Photos and Text by Liza Linklater
Life is an ever-changing journey, and in spite of recent events in our troubled world we must continue on our way. We have to keep moving, experiencing new cultures, learning and broadening our horizons. This is what keeps us alive.
I was very fortunate to live in Bangkok, Thailand from 1998 to 2003 (and previously from 1983-85). As an Asiaphile, I have a deep respect and affection for Asian people and their cultures. For this series of portraits taken between 1999-2002 in Thailand, Burma, India, Vietnam and Bhutan, I always asked permission first. These are more than travel images; I would describe them as environmental portraits, or portraits of people in their environment.
As an observer of these societies, I always want to know more about the people I see and meet. What I love most about this style of documentary photography is that it allows me to enter the lives of strangers, however briefly. If we share a common language, we always have a pleasant conversation; if we don’t, there’s always a feeling that we have, at least, spent an intimate few moments with each other.
Some of these journeys have taken me to places that are little known to outsiders (especially Ladakh in northwestern India; Bhutan, a Buddhist kingdom between India and China; and northwestern Vietnam) and it is a privilege to have been allowed to meet with people there. It is also heartening to know that there are still some places left in our globalized world where people’s traditional ways of life are being maintained.
The experience of travel brings such joy – visiting, photographing and learning about other countries and cultures – and it is definitely what I enjoy most in life.
A Flower Offering
Leh, Ladakh, India 2000
One of the most enjoyable photo shoots I’ve ever had was with these Ladakhi women in the streets in Leh. Ladakh is the predominantly Buddhist part of the state of Jammu/Kashmir. Ringed by snow-capped Himalayan mountains, Leh, Ladakh’s capital is situated at a height of 3,500 metres. The people are delightful – and this is how the women dress every day.
In a Karen Village
Chiang Rai Province, Thailand 2000
On this trip with the Canada Fund Coordinator to northern Thailand, we met with a group of Karen women who had received funding for a development project. The Karen people are the largest ethnic group in Thailand after the majority Thais. Karen women are known for their weaving, which is done on a back strap loom. During the meeting, all of us were sitting on the floor except for the two captivating women in this photo.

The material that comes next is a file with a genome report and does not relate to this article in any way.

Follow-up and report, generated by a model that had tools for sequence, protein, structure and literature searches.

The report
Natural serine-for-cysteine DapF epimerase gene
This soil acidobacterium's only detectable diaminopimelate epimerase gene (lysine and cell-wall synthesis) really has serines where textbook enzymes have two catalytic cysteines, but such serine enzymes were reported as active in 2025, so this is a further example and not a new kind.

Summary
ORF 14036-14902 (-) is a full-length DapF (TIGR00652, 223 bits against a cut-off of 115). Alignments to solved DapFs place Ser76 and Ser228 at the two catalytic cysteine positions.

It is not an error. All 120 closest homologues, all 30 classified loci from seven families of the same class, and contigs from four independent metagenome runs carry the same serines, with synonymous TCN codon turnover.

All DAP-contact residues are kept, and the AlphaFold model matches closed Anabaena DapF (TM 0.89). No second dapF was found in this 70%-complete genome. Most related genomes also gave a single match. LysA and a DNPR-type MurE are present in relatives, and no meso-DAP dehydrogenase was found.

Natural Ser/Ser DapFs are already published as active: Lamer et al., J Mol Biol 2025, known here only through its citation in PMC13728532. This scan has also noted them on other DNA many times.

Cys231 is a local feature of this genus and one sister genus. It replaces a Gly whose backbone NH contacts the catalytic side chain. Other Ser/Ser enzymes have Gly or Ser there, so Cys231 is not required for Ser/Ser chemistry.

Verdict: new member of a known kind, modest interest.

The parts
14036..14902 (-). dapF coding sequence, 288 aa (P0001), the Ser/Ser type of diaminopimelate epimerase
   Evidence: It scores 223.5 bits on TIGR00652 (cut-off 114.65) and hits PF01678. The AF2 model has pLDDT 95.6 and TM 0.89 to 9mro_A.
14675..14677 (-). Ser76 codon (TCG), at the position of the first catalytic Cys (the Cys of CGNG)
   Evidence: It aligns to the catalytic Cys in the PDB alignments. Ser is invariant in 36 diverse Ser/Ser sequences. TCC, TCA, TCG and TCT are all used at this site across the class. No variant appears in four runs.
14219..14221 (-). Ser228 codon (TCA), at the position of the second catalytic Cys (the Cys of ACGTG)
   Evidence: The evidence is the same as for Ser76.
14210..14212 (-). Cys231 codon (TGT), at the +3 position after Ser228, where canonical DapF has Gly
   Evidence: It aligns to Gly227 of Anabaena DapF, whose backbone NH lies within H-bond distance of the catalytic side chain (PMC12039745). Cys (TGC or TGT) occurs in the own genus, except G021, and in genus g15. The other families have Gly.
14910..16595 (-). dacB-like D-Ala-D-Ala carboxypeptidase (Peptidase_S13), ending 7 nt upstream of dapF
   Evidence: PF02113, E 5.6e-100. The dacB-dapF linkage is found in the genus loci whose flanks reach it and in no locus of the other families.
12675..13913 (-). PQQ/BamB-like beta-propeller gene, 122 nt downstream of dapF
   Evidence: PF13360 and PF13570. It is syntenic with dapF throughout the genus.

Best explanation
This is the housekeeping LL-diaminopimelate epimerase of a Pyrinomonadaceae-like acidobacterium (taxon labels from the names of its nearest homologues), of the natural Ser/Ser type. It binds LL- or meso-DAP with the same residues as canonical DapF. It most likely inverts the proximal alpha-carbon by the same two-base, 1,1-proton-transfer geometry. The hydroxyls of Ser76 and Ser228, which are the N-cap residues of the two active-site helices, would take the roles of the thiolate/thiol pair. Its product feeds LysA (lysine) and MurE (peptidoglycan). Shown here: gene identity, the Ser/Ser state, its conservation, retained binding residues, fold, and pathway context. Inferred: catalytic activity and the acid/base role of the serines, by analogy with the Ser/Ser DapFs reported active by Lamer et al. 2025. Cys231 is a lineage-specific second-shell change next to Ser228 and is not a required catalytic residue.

Novice Monks at Diskit Gompa
Nubra Valley, Ladakh, India 2000
In order to reach the village of Diskit and its monastery in the Nubra Valley, one must cross the Khardung-la Pass, which at 18,380 feet (5,606 metres) is the highest motorable road in the world. Seventy friendly monks (including several young novice monks) live at the 350-year-old gompa (monastery). It is truly a magical, spiritual place with its stark mountain views.
Mr. ‘B’ at Siam Square
Bangkok, Thailand 2000
One Saturday afternoon Mr. ‘B’ was hanging out with his artist friends at Siam Square, a shopping area frequented by young people. They came to Centrepointe, a spot where musicians play. He was 19 at the time, unemployed and living with his parents. He said his parents didn’t mind when he got his impressive tattoos at 15 years of age.
Schoolgirls Waiting For the Bus
Nubra Valley, Ladakh, India 2000
Seeing scenes like these schoolgirls sitting on rocks in this moonscape made me feel like I had come to another planet. Ladakh is otherworldly and it’s definitely the one of last frontiers.
Near Sapa, Vietnam 2001
These Hmong schoolchildren stand outside their classroom in one of the valleys in northern Vietnam near the Chinese border. Vietnam is home to 54 ethnic groups, of which the Kinh (Viet) account for the majority. Still most of these distinct hill tribe groups have remained relatively untouched by Vietnamese and Western influences.
Monks and Prayer Wheels
Paro, Bhutan 2001
At the impressive Paro dzong (monastery), I was watching some young novice monks chanting and memorizing the Buddhist scriptures; but when they saw my unusual panorama camera they stopped. This caused a group of Austrian tourists to come over to enquire about the German-made camera as well. After everyone dispersed, I asked some monks, who were still intrigued, to pose for me in front of the prayer wheels. Luckily, they readily consented to do so.
Rangoon, Burma 2002
I was walking near the Strand Hotel in Rangoon and passed three, pretty young women – one selling watermelon, another betel nut, and the third, vegetables. They all had various yellow thanakha bark designs on their faces. (Thanakha paste or powder is used as a cosmetic, a sunscreen, a perfume and a conditioner.) When I returned and asked them to pose – they complied with the confidence and poise of fashion models.
These photos were taken with medium-format cameras — a square-format Bronica and a panoramic Noblex with a fixed-focus, rotating lens. This text was taken from the Introduction to Liza’s book Bangkok and Beyond: Portraits and Panoramas published in 2003 in Bangkok, Thailand. (ISBN: 974-91129-5-4) If you are interested in purchasing a copy of this 64-page photo book please contact me here. Cost is $20.00 plus postage. Some of these photos including some Buddha images were exhibited at Darshan Gallery, Ottawa on July 8 to 24 2005.